At the time, that was one half of a gold franc, a currency formerly used by international organizations, per kilogram of international mail. But not all countries could afford it. 

Former United States President Donald Trump.
During Donald Trump’s time as U.S. president in 2018, he threatened to pull the the country out of the Universal Postal Union. (James Lawler Duggan/Reuters)

The Universal Postal Union set up a fee so richer countries would pay more to have their international mail delivered than countries with developing economies. 

“The central idea is that any citizen or business should be able to send mail packages through the Global Postal Network to any destination,” said Schoorl.

At the time, China was considered a country with a developing economy, meaning the country would be charged less for international mail than other countries. And that went unchanged for decades. 

Where we are now

As e-commerce took off in the 2010s, China found itself with a major competitive advantage. It could ship to North America at a cheap rate. Canada Post and the U.S. Postal Service were delivering packages and not being compensated very well, says Schoorl.

In 2018, U.S. President Donald Trump pushed back on the rates and threatened to pull the country out of the Universal Postal Union.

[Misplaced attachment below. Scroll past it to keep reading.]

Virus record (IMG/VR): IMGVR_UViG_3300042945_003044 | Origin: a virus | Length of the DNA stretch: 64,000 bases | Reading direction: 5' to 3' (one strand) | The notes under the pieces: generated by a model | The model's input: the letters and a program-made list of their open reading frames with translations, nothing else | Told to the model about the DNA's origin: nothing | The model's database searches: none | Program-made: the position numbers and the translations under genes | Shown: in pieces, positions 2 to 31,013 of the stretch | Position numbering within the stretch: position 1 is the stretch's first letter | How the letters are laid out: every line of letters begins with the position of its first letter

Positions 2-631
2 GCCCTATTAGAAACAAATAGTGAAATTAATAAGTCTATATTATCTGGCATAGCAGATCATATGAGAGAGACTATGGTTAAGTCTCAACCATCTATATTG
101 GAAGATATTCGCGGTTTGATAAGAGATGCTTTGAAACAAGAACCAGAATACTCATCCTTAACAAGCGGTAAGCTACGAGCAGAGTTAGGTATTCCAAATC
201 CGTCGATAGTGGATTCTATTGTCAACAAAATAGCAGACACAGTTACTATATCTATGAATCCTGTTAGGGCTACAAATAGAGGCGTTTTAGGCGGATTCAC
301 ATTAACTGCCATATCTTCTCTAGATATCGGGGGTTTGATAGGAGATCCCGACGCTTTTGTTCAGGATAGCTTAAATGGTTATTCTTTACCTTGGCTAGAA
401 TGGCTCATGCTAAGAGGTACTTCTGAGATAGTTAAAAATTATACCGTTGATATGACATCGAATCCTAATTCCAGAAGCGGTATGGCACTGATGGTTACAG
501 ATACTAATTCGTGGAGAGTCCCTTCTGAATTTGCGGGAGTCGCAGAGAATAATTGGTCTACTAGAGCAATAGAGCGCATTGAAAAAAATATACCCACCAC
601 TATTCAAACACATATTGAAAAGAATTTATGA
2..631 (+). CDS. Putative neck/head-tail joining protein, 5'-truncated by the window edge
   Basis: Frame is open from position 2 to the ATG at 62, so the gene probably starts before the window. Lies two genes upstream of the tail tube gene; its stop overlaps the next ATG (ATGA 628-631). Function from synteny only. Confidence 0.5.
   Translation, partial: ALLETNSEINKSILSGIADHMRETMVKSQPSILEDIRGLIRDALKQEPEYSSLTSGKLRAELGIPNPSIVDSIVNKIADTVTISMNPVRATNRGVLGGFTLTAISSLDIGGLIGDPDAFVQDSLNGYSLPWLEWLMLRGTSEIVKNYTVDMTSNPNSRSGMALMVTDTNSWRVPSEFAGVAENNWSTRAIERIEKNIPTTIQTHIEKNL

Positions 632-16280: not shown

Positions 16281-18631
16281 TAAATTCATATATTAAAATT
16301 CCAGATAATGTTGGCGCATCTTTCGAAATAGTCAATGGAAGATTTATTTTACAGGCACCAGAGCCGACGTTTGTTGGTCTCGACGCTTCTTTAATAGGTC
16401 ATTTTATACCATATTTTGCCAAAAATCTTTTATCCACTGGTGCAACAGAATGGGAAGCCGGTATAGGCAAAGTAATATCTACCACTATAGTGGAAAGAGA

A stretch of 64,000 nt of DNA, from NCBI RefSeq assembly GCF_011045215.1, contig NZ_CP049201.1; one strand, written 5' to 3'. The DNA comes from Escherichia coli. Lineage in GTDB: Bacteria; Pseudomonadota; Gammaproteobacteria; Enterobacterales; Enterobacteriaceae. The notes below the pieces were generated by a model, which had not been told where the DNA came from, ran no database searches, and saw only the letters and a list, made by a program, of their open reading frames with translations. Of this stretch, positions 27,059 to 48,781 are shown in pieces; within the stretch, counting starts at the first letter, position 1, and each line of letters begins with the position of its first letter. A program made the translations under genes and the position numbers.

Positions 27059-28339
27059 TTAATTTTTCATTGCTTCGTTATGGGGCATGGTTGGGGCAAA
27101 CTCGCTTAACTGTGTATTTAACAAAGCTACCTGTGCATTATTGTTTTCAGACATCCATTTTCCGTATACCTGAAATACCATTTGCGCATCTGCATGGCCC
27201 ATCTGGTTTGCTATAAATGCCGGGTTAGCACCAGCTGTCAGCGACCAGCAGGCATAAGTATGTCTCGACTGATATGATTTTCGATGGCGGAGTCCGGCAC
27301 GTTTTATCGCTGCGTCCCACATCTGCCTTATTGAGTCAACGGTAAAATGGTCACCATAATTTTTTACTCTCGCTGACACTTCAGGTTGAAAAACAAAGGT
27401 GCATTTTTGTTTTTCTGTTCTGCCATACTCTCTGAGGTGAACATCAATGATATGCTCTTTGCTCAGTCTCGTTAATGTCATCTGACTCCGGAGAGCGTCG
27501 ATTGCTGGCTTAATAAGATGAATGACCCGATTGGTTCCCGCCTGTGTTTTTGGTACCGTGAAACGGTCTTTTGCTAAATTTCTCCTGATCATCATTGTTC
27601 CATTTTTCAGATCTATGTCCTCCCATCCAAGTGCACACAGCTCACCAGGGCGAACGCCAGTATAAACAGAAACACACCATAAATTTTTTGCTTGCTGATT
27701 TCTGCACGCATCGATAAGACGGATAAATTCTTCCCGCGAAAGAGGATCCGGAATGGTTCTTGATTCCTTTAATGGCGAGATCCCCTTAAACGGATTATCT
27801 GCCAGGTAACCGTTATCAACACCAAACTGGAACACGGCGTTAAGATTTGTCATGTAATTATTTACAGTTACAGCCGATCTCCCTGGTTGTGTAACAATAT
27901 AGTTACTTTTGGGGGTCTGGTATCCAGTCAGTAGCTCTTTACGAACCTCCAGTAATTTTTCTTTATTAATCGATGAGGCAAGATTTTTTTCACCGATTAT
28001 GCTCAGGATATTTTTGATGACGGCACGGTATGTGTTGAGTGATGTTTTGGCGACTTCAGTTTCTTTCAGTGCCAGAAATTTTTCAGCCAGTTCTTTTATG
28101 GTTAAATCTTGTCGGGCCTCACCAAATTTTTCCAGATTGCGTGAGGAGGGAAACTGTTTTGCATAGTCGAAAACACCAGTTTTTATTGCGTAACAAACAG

The United States and other countries, including Canada, were able to negotiate a new deal withing the Universal Postal Union. 

According to Mindaugus Cerpikin, an economist who studies the postal system in Copenhagen, the U.S. was able to land the biggest concessions. Canada was able to increase its rates over time, but Cerpikin says there is still a big gap.

“The U.S. was allowed to raise its fees and they were allowed to do it faster than other industrialized countries.”

Canada and other countries can raise their fees about 16 per cent annually, Cerpikin said.

“While 16 per cent may sound like a lot, one must consider that some countries like Canada need between [a] 200 to 400 per cent increase to close the gap between domestic rates and international rates.” 

Canada Post truck.
According to Canada Post’s shipping rate calculator, it can cost about $24 to send a one-kilogram package between provinces, depending on its size and where you want to send it. (Jason Viau/CBC)

The CBC reached out to Canada Post about the cost of shipping in Canada. It declined an interview, but sent an emailed response. 

“Parcel rates are non-regulated and fully competitive within the industry,” spokesperson Lisa Liu said.

“Canada Post determines shipping rates based on several factors, including the origin and destination, which also consider population densities. The parcel weight and size, costs of processing and transportation and delivery are factored into the rate.”

In the meantime, Pitman would like to support local and buy from sellers in North America. But as long as shipping costs are as high as they are, it’s hard for him to justify it. 

“I would like to prefer Canadian and our American suppliers, but it really doesn’t make any sense.”